I’m cheating by adding a console game, but hell, what else is there to pick? Big city, interesting storylines, well done characters… now release it on PC without the engine being a piece of shit and I’ll buy it again.
2: Rise of the Triad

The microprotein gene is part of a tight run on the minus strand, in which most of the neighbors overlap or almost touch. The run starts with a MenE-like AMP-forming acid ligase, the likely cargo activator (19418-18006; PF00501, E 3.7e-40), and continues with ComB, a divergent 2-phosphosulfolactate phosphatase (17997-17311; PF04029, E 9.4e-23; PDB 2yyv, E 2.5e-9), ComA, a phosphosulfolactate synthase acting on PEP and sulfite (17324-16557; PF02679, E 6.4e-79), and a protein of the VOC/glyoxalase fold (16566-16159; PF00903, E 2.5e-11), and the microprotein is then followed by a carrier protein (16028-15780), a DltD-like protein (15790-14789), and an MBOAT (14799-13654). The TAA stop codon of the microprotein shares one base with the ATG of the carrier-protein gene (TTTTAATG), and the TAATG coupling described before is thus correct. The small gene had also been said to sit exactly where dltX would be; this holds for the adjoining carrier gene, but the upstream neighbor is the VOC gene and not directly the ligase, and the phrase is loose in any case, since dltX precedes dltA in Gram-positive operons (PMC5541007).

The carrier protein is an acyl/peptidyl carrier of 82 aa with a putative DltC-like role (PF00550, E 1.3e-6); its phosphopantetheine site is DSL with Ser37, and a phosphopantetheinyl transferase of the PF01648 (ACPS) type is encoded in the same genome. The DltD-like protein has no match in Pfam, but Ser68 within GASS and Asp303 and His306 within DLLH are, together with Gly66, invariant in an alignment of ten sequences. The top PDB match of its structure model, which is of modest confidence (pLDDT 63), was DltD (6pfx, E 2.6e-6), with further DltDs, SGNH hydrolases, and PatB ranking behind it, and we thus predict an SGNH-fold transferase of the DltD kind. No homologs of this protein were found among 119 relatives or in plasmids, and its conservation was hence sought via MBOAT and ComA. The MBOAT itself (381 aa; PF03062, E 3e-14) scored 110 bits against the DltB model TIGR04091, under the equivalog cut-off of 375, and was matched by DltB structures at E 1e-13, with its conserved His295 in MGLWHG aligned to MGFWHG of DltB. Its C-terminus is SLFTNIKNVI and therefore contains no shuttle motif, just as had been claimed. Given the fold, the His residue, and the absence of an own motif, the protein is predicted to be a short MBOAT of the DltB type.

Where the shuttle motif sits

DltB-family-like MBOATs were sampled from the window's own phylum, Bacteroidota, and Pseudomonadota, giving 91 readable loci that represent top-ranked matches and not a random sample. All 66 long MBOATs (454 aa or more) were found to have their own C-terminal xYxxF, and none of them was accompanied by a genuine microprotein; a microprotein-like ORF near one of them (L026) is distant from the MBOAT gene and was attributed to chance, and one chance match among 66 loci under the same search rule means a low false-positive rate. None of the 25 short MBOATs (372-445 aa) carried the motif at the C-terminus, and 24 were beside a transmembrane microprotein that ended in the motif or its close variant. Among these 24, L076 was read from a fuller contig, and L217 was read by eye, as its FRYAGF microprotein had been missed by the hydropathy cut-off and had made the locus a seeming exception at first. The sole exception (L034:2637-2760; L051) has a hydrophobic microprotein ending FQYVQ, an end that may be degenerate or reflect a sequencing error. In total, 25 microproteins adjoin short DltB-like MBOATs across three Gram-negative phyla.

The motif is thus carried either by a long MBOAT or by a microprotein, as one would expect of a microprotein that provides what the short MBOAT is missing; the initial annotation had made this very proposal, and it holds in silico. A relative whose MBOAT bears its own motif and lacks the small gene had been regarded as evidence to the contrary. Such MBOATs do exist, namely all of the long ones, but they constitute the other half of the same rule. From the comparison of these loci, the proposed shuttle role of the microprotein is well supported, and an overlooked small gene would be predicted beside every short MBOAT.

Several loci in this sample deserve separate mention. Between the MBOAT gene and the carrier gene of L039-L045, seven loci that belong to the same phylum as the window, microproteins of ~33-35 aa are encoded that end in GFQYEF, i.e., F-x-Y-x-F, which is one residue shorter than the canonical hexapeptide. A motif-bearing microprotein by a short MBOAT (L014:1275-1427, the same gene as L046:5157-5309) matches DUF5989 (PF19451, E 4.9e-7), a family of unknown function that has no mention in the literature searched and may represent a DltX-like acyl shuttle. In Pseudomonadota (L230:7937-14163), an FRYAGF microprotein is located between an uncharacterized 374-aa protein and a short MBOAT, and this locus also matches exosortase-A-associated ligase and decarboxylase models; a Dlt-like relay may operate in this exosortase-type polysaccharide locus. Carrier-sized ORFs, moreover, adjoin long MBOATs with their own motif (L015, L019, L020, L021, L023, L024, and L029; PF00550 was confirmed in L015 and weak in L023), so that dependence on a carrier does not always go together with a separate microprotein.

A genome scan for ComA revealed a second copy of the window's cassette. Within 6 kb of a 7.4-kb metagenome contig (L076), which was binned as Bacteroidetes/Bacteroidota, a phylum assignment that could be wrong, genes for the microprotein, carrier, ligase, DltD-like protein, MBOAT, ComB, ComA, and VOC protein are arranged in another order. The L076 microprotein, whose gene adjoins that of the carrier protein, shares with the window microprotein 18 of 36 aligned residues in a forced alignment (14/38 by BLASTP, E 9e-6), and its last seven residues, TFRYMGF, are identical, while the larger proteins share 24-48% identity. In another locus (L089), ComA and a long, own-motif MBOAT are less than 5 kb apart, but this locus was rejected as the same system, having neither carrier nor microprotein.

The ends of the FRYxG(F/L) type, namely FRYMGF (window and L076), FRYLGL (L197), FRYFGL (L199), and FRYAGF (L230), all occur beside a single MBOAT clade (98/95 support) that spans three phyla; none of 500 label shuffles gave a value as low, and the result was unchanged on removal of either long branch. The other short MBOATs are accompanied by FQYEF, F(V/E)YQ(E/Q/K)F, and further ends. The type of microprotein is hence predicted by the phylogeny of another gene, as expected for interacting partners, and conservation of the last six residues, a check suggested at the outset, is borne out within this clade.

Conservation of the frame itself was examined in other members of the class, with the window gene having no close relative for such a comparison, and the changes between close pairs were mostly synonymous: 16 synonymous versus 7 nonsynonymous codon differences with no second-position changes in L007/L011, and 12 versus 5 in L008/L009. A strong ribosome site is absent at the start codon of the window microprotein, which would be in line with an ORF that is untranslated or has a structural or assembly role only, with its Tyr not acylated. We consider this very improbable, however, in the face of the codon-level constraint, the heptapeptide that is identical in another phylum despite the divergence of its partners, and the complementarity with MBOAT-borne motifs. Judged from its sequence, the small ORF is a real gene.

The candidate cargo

I’ll be blunt and say that RoTT probably doesn’t really deserve the number 2 slot, but I’m putting it up here purely because it proved a point: that classic gameplay transplanted into the modern age isn’t necessarily the best idea. For what it’s worth, RoTT 2013 is a fun game. It’s effectively a fan-made reproduction of the original 90s classic, with modern graphics and not much else. Even many of the levels are direct 1:1 layout copies, just with reimagined visuals and clutter to make it feel modern. The weapons all function as they used to, the powerups are all in, and it’s basically just the same game in a new skin. It was horrible on initial release because there were way too many draw calls – the developers chose a very performance-heavy method of level design which made it easy to make levels, but taxed even high end hardware. It’s still not perfect but it’s much more playable today. That said, plenty of people didn’t like it. The maps are large and occasionally confusing, much like the original’s mazes with textures that all look the same. The gameplay is straightforward “Kill guys, get keys, flip switches, get to exit” without any variation. The worst sin committed are the frustrating platforming sections. The engine simply isn’t suited to it, and combined with the choppy framerate most of them are just too difficult and frustrating, demanding Jedi-like reflexes and precision. With all that said, it’s basically the 90s ported to the 2010s, and I’ll give them credit for that.